|Directed by:||Debra Kirschner||Rating:||TV-14|
|Release Date:||2004||Running Time:||85 mins.|
|More Info:||Film's Official Site||Category:||Feature Film|
With an all-star cast including Tovah Feldshuh, The Tollbooth is the critically-acclaimed, coming-of-age story about a young artist struggling to forge her own identity in the big city — while her Jewish parents keep watch from just over the bridge in Brooklyn.
“I’ve never been that popular,” says Sarabeth Cohen, “and now that I’m grown up and a feminist artist, I’m even less popular.”
Fresh out of art school, Sarabeth (MARLA SOKOLOFF) gets a job as a waitress and begins her struggle as a New York City artist. Angsty and cynical, she doesn’t have much patience for her family — a nagging mother (TOVA FELDSHUH), a father (RONALD GUTTMAN) who is always misquoting Kafka, one sister who just got pregnant with her sweet but dopey husband, and another sister who is ‘perfect’ until she announces she’s a lesbian at Rosh Hashanah dinner. And then there’s her boyfriend Simon (ROB MCELHENNEY), whose choice to live in the suburbs with a great sound system, instead of in hip and unpredictable New York, has given Sarabeth doubts about their future together. Thank God she has her canvas to escape to, where she can make sense of it all.
A smart coming-of-age film, The Tollbooth tackles serious Jewish issues as they present themselves to a politically-liberal, anti-traditional, feminist post-graduate. As frustrated as Sarabeth is that she grew up being constantly reminded of relatives who died in the Holocaust, and no matter how much she hates going to synagogue, the truth is that she’s Jewish and she will always be Jewish. The struggle to escape her roots is impossible, so she’s forced to integrate a 5,000 year old religion into her modern life.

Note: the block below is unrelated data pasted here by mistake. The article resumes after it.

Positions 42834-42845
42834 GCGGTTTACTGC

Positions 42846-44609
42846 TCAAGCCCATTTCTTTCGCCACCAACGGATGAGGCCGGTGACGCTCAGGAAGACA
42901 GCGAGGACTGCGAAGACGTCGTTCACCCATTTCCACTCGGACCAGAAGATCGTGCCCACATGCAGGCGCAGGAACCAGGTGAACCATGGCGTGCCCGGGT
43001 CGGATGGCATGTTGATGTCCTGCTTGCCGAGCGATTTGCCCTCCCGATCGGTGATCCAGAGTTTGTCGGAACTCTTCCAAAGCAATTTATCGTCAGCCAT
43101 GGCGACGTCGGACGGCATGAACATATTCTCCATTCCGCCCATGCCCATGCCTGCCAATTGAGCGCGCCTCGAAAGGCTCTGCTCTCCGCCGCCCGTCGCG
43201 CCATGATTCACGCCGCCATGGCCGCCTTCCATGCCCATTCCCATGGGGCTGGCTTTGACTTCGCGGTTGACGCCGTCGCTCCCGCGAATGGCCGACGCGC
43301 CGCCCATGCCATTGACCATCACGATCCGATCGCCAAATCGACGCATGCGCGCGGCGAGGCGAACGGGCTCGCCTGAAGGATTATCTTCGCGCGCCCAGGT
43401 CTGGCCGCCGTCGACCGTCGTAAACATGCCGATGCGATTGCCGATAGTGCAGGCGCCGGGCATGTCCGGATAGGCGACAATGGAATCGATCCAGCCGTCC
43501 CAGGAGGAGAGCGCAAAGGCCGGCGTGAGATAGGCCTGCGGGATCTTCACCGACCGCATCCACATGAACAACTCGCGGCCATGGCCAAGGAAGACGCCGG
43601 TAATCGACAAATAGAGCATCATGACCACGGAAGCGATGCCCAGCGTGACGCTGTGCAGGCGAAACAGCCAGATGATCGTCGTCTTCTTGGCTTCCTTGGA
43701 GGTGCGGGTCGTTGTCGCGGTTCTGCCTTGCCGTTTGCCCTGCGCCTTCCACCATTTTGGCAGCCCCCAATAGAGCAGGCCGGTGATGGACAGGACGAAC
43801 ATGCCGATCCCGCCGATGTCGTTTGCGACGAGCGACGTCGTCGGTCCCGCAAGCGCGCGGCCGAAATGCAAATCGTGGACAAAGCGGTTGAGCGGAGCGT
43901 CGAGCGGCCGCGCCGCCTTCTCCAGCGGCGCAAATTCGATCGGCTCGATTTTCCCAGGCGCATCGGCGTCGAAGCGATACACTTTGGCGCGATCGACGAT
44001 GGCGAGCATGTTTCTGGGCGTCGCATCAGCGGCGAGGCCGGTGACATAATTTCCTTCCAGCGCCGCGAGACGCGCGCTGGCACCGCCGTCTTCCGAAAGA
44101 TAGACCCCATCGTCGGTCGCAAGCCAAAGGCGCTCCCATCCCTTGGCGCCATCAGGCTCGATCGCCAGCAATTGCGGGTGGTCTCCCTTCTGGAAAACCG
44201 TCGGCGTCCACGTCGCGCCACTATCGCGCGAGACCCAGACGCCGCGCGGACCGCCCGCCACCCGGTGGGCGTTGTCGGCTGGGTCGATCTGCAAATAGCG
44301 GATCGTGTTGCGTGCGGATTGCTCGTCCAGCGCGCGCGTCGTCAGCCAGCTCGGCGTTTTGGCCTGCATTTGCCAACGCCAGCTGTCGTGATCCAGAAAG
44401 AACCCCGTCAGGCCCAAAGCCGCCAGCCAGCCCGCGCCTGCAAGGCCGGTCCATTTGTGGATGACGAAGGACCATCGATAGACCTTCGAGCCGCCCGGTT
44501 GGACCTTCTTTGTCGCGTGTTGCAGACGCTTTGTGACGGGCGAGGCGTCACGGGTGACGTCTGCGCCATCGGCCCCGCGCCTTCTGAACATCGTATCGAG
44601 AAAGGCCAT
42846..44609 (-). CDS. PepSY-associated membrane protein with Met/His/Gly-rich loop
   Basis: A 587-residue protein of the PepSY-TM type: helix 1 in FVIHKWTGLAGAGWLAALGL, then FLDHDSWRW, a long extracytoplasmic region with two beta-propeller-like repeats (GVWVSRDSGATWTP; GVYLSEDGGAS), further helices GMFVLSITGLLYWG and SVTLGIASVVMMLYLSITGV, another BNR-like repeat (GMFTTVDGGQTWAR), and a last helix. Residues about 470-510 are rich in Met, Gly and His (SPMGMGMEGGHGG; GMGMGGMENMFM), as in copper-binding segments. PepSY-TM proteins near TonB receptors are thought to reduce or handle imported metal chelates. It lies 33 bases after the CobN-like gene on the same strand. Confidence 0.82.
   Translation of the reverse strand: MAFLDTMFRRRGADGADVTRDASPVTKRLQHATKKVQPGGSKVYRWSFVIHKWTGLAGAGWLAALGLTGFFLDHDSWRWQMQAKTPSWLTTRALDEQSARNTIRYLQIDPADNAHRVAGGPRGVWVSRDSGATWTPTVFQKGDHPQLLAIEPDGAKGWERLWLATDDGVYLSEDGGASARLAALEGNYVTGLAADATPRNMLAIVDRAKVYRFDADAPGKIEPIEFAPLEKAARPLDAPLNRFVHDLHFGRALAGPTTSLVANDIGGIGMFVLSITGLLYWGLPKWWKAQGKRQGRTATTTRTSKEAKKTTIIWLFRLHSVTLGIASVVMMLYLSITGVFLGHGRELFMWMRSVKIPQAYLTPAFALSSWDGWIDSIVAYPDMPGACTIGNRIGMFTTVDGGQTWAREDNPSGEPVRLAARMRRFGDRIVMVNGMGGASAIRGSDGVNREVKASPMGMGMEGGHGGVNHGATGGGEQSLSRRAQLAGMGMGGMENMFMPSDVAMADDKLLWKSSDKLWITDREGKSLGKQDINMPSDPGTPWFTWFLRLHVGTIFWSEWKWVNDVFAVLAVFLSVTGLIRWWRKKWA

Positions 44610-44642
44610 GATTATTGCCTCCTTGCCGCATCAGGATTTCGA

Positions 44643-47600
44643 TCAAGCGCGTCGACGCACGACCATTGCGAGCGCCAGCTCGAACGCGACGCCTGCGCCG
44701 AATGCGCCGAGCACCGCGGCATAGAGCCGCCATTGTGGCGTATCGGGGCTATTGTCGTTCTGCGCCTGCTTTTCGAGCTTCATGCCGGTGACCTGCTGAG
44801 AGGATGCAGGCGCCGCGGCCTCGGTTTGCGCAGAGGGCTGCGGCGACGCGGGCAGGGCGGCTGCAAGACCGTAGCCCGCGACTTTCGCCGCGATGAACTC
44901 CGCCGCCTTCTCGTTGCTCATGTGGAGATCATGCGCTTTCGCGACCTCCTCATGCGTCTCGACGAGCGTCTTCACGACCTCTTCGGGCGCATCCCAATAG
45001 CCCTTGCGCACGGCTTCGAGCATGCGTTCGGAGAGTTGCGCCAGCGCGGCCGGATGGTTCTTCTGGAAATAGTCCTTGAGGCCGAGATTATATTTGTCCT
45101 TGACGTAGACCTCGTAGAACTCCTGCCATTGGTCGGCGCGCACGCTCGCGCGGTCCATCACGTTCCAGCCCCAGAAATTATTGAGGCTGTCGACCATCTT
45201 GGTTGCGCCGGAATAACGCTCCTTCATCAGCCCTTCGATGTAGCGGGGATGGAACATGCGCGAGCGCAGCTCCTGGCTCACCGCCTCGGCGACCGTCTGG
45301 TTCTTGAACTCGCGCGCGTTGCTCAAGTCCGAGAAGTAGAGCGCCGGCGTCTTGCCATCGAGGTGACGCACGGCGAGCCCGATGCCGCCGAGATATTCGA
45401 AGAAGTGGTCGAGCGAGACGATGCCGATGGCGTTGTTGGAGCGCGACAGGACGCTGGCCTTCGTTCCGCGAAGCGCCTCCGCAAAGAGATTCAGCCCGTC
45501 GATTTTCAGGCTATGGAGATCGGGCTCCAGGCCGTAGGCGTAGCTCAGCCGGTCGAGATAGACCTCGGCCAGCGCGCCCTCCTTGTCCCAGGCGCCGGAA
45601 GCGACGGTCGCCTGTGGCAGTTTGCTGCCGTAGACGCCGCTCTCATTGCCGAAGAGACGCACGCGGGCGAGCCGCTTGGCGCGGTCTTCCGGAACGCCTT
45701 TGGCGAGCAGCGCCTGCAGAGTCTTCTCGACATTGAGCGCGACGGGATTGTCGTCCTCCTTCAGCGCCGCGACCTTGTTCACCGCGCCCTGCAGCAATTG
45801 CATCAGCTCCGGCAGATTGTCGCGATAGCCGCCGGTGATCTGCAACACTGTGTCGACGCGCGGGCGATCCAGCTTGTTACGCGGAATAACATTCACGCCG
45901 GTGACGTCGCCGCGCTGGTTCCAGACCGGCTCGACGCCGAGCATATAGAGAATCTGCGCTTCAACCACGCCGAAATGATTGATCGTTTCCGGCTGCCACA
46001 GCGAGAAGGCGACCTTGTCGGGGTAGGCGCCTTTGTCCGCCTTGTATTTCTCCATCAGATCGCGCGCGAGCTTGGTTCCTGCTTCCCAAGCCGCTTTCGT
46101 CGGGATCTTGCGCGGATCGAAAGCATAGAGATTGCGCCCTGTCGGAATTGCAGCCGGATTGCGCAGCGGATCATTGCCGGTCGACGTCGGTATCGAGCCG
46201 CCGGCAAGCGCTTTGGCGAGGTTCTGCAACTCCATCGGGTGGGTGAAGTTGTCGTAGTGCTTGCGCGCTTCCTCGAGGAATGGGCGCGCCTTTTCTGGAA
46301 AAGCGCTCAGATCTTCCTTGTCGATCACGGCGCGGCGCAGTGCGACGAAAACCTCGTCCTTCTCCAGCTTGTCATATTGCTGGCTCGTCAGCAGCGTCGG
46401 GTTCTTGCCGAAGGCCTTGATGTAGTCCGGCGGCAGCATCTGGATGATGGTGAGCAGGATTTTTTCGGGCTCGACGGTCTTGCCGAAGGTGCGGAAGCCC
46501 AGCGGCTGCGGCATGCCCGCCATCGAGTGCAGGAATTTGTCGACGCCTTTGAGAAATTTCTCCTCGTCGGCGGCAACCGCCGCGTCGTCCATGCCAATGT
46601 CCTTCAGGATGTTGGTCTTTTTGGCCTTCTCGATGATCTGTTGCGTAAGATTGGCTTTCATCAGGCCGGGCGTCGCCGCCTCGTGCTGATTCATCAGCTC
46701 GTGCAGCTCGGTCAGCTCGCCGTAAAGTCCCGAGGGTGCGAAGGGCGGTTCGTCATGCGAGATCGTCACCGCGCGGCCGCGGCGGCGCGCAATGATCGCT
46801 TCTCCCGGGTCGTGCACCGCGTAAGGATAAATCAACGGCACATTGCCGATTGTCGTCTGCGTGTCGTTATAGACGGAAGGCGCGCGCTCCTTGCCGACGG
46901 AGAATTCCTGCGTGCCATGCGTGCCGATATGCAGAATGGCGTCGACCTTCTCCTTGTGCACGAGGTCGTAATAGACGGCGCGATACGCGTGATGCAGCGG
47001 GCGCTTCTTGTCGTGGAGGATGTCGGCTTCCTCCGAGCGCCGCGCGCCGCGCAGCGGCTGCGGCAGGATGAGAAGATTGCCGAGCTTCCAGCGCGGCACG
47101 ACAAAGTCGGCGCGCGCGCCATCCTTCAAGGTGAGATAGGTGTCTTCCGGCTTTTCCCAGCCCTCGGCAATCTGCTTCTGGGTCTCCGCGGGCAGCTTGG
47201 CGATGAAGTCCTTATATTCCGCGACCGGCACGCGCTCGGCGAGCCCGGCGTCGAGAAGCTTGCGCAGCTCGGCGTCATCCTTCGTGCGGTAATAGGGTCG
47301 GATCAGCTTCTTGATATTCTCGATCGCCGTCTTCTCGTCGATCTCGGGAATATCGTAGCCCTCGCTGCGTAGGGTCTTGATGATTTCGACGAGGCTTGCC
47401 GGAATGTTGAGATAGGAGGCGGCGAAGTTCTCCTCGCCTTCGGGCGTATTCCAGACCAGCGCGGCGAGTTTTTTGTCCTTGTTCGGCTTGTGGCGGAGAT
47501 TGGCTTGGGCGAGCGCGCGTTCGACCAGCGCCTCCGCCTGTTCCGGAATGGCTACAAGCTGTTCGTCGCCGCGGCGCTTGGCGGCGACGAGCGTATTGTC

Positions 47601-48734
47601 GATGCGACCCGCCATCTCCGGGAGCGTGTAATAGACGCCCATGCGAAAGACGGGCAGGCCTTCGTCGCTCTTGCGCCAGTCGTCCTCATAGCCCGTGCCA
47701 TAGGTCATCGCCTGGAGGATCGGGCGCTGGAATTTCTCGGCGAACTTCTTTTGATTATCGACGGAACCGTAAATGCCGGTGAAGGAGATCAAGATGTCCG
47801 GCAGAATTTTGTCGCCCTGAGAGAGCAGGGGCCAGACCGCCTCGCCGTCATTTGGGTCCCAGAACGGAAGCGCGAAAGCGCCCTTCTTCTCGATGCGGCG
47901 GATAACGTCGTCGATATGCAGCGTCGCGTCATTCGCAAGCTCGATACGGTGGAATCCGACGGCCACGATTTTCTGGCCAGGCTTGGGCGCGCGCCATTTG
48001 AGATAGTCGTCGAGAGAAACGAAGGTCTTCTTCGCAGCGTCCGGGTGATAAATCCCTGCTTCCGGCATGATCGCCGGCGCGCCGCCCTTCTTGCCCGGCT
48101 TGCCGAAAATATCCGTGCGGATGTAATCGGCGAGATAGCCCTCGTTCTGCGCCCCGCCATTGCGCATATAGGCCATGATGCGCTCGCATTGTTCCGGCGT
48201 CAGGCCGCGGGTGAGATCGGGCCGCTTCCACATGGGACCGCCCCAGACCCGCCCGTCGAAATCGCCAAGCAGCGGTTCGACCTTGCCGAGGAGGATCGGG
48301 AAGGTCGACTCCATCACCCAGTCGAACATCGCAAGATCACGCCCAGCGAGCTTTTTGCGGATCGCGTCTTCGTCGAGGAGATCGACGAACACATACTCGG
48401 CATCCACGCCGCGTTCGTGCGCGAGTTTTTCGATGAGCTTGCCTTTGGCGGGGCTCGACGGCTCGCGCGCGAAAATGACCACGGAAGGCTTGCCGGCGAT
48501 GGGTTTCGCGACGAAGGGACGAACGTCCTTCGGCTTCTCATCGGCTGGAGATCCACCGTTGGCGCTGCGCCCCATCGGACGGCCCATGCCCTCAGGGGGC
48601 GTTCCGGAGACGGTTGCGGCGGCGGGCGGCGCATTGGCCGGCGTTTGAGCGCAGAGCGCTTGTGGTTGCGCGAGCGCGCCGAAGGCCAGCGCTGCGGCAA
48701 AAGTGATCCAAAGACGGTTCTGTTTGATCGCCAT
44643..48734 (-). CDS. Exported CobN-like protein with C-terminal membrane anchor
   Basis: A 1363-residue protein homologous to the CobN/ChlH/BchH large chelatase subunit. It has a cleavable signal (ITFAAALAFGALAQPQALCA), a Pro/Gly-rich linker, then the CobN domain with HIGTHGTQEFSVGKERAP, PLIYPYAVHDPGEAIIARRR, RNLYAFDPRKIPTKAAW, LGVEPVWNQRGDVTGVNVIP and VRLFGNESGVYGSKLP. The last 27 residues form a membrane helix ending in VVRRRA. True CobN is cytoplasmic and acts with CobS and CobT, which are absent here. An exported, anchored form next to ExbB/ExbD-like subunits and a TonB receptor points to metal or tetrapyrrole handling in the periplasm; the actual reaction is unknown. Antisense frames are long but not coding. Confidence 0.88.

This epiphany comes to Sarabeth when she finds herself feeling out of place at a 4th of July barbecue. Amidst pastel colors and fire works, the little-black-dress-wearing, wine-instead-of-beer-drinking, daughter-of-an-anti-patriot feels like a sore thumb. But when she overhears one of the party’s guests make an anti-Semitic comment, she realizes she doesn’t want to fit it in to this crowd, and that she is proud of her heritage.
Anyone who hasn’t been young and poor in New York City will think the film’s dialog is funny, while anyone who has been young and poor in New York will realize it’s truthful. When Sarabeth tells her waitress friend that she’s moving into a walk-in closet, they tell her she should be grateful because at least she’ll have a door. “I haven’t had a door since I moved to New York,” one girl says, “I live in a studio with six other dancers.”
The Tollbooth also gets something right about the New York City art scene. As a waitress, Sarabeth says, “All the artists I’m working with have been pursuing their careers for 5-10 years” — while they continue to wait tables. Sarabeth is having a hard time with her own art, too. Galleries couldn’t care less about her, and the professor who promised to help her make connections won’t return her calls. “Cynicism never goes out of style,” one gallery owner tells her, “you just have to keep up with what it’s hip to be cynical about.” Apparently, Sarabeth’s cynicism is out-of-date.
But a career isn’t the only thing that plagues a young woman setting out on her life: Sarabeth’s boyfriend can be just as stressful. When Simon suggests that she move in with him in the suburbs, she’s enticed by the thought of paying less rent; but how could she leave the city?!
At that pivotal moment, when she feels like she’s deciding the rest of her life, Sarabeth hears the famously wise words of the Jewish sage Hillel — “If I am not for myself, then who will be for me? And if I am only for myself, then what am I? And if not now, when?” — and remembers her mother’s oft-repeated advice: “When you’re trying to make a decision go with your stomach, not your heart—do whatever makes you less sick to your stomach.”
Armed with the combined wisdom of her Jewish heritage and her family, Sarabeth is ready to forge ahead, making her own decisions and living her life the best she can, in her own way.